Shooting Stars

Those following my Flickr photo stream have likely spotted a very unique set of starry sky shots. These shots are part of a much bigger project I have been working on for months now based on a photo journey I took across Utah’s scenic backcountry in June of 2010.

Desert Night 1
The first of these shots is called “Desert Night 1” the first successful result of many failed exposures trying to capture the night sky with my Canon 7D while my fellow photographer Jeff DeHaven captured great shots with his 5D MKII. The problem I was facing was I was trying to expose the night sky the way I would have traditionally photograph a city skyline; a long exposure with a low ISO to reduce noise. Starlight works differently, to make a long story short a much higher ISO in the ball park of iso 2500 for around 60 seconds was offering up constantly beautiful shots at a wide open aperture.

Desert Night 2

For the project I was using the Tokina ATX Pro 11-16mm F2.8; a choice lens for this type of imagery. Of course once I figured out the secret recipe for the starry sky shot I was completely hooked since I had wanted the ability to take images such as these for so long but never had the proper equipment (I have been out to Moab about six times, believe me I have tried.)

Desert Night 3

In the Shot called “Desert Night 3” I had the extra luck of having two trucks drive down the nearby highway as the shutter hung open thus capturing the light trails and the illumination of the massive canyon walls.

Desert Night 2

Just as I was getting the hang of that night photography stuff reality kicked in that my fellow photographer and I had been hiking all day and had not eaten. We retreated back to town for a late dinner and returned to the Arches National Park a few hours later for round two.

Desert Night 4

Desert Night 5

Of course the park was pitch black except for the starry sky, so seeing where we were going even with the bright lights on the car became an issue. Our first stop was a place called “Park Avenue” where we met up with another starlight photographer. I was using a Satachi TR-a to run the 7D in bulb mode and was getting some impressive results but I really wanted to get a shot through Turret Arch as I had seen in the Ron Fricke film “Baraka” so I talked the other two photographers to venture out in the dark to find this arch.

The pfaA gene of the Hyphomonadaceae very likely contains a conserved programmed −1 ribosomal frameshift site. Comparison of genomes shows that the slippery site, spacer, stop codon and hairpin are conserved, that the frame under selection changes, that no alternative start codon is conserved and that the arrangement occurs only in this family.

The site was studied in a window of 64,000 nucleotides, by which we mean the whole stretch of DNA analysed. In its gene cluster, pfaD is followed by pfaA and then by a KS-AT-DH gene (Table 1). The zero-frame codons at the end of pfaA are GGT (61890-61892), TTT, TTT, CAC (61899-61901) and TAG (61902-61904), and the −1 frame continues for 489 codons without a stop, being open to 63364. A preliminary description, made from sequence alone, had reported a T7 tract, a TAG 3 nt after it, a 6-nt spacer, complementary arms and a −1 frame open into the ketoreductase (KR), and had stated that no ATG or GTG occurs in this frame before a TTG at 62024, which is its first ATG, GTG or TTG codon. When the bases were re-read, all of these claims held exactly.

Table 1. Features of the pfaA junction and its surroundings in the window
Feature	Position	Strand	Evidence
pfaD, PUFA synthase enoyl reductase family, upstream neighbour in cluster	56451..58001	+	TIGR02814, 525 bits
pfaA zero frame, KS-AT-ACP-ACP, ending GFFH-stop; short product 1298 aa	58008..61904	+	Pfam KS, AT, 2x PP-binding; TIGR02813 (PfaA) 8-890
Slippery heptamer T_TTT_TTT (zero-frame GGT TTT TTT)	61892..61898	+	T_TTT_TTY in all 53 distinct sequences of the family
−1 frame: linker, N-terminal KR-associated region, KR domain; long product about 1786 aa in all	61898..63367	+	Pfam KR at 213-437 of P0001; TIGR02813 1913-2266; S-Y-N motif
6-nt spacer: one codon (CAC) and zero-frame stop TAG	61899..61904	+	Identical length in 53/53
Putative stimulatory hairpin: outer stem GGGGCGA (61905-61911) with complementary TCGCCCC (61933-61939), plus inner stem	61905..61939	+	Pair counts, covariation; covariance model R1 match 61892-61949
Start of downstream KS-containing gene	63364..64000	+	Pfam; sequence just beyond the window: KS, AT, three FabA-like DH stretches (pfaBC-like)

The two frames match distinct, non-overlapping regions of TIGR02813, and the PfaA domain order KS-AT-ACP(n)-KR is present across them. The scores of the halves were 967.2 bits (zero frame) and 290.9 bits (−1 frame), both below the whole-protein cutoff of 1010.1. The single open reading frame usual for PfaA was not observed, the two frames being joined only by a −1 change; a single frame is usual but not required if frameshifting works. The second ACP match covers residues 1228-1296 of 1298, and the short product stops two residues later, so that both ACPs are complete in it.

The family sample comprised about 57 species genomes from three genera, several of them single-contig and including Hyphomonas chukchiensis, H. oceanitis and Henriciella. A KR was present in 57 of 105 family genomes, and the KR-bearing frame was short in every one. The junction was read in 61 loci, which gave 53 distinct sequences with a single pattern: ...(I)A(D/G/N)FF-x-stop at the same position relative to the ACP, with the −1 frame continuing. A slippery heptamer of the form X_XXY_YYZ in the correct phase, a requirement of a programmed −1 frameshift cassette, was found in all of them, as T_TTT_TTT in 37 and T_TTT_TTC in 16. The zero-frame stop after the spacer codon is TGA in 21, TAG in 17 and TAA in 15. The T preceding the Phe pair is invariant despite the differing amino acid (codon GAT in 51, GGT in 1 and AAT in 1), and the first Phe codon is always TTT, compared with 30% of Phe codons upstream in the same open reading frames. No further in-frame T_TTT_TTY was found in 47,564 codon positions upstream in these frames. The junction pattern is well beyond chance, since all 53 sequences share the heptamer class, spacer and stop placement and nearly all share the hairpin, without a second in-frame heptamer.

Desert Night 6

Sadly it was too dark to successfully navigate to the turret arch on a moonless night in the desert. So we drove lost into the darkness to the far side of the Arches park not having a clue we had passed our destination a long ways back. We were frustrated when we came to a dead end but as I stepped out of the car I noticed something in the sky that I hadn’t seen for many years…the Milky Way spread out in its glory before our eyes. Suddenly getting lost on some crazy back road became a blessing as our shutters aimed upward and open. Being a huge astronomy buff I was in heaven. The fun ended about 3am in the morning from plane exhaustion; we navigated the dark highway and returned to the soft lights of Moab not far away.

The Milky Way 1

Starry Starry Night

It would be a couple days before I got another chance to play under the stars but that day came in Zion National Park. That day was a total marathon photo day, Jeff and I had hiked all day shooting pictures on various canyon walls and the last stop was some natural pools in a cave system nearby. The sun went down on the hike back and we had to navigate the narrow rocky path with a flashlight. We had a beautiful view across the Zion Valley floor. There I snapped “Starlight over Zion 2” showing the Zion lodge as the only light source on the valley floor under a sea if stars; it was beautiful.

Starlight over Zion 2

Starlight over Zion 3

Starlight over Zion 1

Starlight over Zion 4

Starlight over Zion 5
Shot six was done as we waited for the park tram to pick us up (last run of the night) and 7 and 8 were taken in the Zion visitor’s centers parking lot.

Starlight over Zion 6

Starlight over Zion 7

In post process I did shift the white balance to make the sky more blue rather than black for purely artistic reasons. I also did a high pass histogram pass on the stars to bring them out a tad more. The post process was done in Lightroom with some help from Nik’s Color Efex Pro.

Starlight over Zion 8

There are many more Utah pictures in the cue, expect more stories from the great trip out west.

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